Editor’s Note: This feature originally appeared in the May issue of MReport, out now.
For years, lenders have made the best of a poor situation by incorporating massive database transformation projects, managing dozens of specialized integrations, and hiring countless consultants to help figure out how a 20-year old loan origination software (LOS) platform can perform at a level that is considered “adequate.” But the amount of effort and cost for these Frankenstein platforms only grows each year, especially as newer technology becomes available. At what point does it make sense for lenders to start from scratch with a completely modern approach? Increasingly, the disconnect between digital mortgage lending and legacy platforms has become more recognizable. Now is the time to transition from legacy LOS systems that still dance to the tune of Milli Vanilli and embrace modern platforms that are built for today’s API-centric environment.
The Challenge of Legacy LOS’
Today’s LOS is the epicenter for automating, tracking, storing, and processing data at every step of the loan process, which is a step beyond its original role of generating mortgage documents. Banks, credit unions, and independent mortgage bankers are realizing the legacy LOS technology can no longer keep pace with the demands of a mobile economy and digital lending environment. The one-size-fits-all approach has evolved into a square-peg-in-a-round-hole situation, forcing lenders to invest heavily in ancillary technology projects just to keep pace. To truly improve automation, tracking, storing, and processing data, lenders should dump the legacy LOS and adopt one that features modern, multitenant database architectures and open application programming interfaces (API).
The Value of an Open API Architecture
An open API architecture enables LOS vendors to integrate with best-of-breed vendors both quickly and with greater functionality. Providing vendors with a simple web service method to exchange data and access key functionality within a LOS not only improves a user’s access to a service but actually enhances the vendor’s own product because it can invoke certain LOS tools within their offering. A good example of this is a point of sale (POS) solution that can order credit reports, upload documents, or generate initial disclosures that all originate from within the LOS.
The advantage of a multitenant database architecture is even more valuable. In a multitenant structure, all lenders are using a single copy of the LOS software in a hosted environment. What this means from an integration standpoint is that the LOS provider and the service vendor only have to build the integration once and all clients instantaneously access the service. Gone are the days of single, point-to-point integrations that increase the complexity and fragility of a LOS platform, where the lender is largely responsible for troubleshooting their own integration issues.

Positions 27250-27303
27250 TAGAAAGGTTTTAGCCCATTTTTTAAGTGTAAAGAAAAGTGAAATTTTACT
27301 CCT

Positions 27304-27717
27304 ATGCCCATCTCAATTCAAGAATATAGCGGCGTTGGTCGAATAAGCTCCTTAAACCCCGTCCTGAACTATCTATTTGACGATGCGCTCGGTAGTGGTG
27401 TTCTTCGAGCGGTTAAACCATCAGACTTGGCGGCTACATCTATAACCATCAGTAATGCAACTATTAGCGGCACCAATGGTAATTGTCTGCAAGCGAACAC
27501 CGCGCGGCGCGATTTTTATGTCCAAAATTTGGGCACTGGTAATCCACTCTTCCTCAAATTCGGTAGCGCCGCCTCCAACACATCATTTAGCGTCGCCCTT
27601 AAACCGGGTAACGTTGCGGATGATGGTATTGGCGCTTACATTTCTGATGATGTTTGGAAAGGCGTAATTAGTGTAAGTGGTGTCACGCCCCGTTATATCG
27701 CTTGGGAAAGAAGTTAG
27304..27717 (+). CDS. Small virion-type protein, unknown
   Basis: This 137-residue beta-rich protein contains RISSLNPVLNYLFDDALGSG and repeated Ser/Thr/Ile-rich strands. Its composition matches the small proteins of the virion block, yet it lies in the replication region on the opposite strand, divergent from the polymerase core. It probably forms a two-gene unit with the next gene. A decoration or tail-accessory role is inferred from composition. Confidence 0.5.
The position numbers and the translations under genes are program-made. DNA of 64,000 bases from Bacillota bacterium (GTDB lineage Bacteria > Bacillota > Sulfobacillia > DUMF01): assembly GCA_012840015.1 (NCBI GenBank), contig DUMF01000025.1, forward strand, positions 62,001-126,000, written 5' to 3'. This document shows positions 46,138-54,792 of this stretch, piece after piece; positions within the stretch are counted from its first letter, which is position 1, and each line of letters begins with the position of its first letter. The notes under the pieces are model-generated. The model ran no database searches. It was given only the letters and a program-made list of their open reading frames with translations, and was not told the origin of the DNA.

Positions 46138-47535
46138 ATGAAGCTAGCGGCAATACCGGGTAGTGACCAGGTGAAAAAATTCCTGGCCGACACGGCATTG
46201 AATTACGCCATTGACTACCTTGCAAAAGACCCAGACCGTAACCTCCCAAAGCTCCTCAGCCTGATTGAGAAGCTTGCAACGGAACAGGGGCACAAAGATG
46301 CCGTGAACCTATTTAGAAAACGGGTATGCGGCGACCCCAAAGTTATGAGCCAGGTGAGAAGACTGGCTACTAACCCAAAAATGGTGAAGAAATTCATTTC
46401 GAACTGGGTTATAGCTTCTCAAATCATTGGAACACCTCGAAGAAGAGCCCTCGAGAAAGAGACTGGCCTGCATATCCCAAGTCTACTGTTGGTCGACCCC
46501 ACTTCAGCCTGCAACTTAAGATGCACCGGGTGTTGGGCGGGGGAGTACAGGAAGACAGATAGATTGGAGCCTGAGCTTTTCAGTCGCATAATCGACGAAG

The Ability to Change Nimbly
The conceit of digital lending is that it promises borrowers a revolutionary, almost magical mortgage experience, but is also prone to the fickleness that today’s digital consumers tend to exhibit. Lenders that operate on legacy systems are less likely to respond to consumer behavior and needs because of the difficulty in modifying or creating new integrations. In an API environment, however, lenders can more easily swap out one integration with another, or add an entirely new integration, at a much lower resource and opportunity cost. While true ‘plug and play’ integrations are not here yet, open APIs are definitely a step in the right direction.
Lenders can achieve true digital lending with legacy LOS systems, but the cost to realize this will increase every day until an organization deems it unsustainable. At a certain point, lenders must look inwards at their LOS technology and ask themselves whether they are a mortgage company or a technology company. Very few lenders have the ability to be both. Modern LOS platforms with open APIs provide lenders with a cost efficient and effective alternative that only requires the willingness and courage to say “Switch!” It’s 2018, are you stuck in the ‘90s or are you ready to dance to a new tune?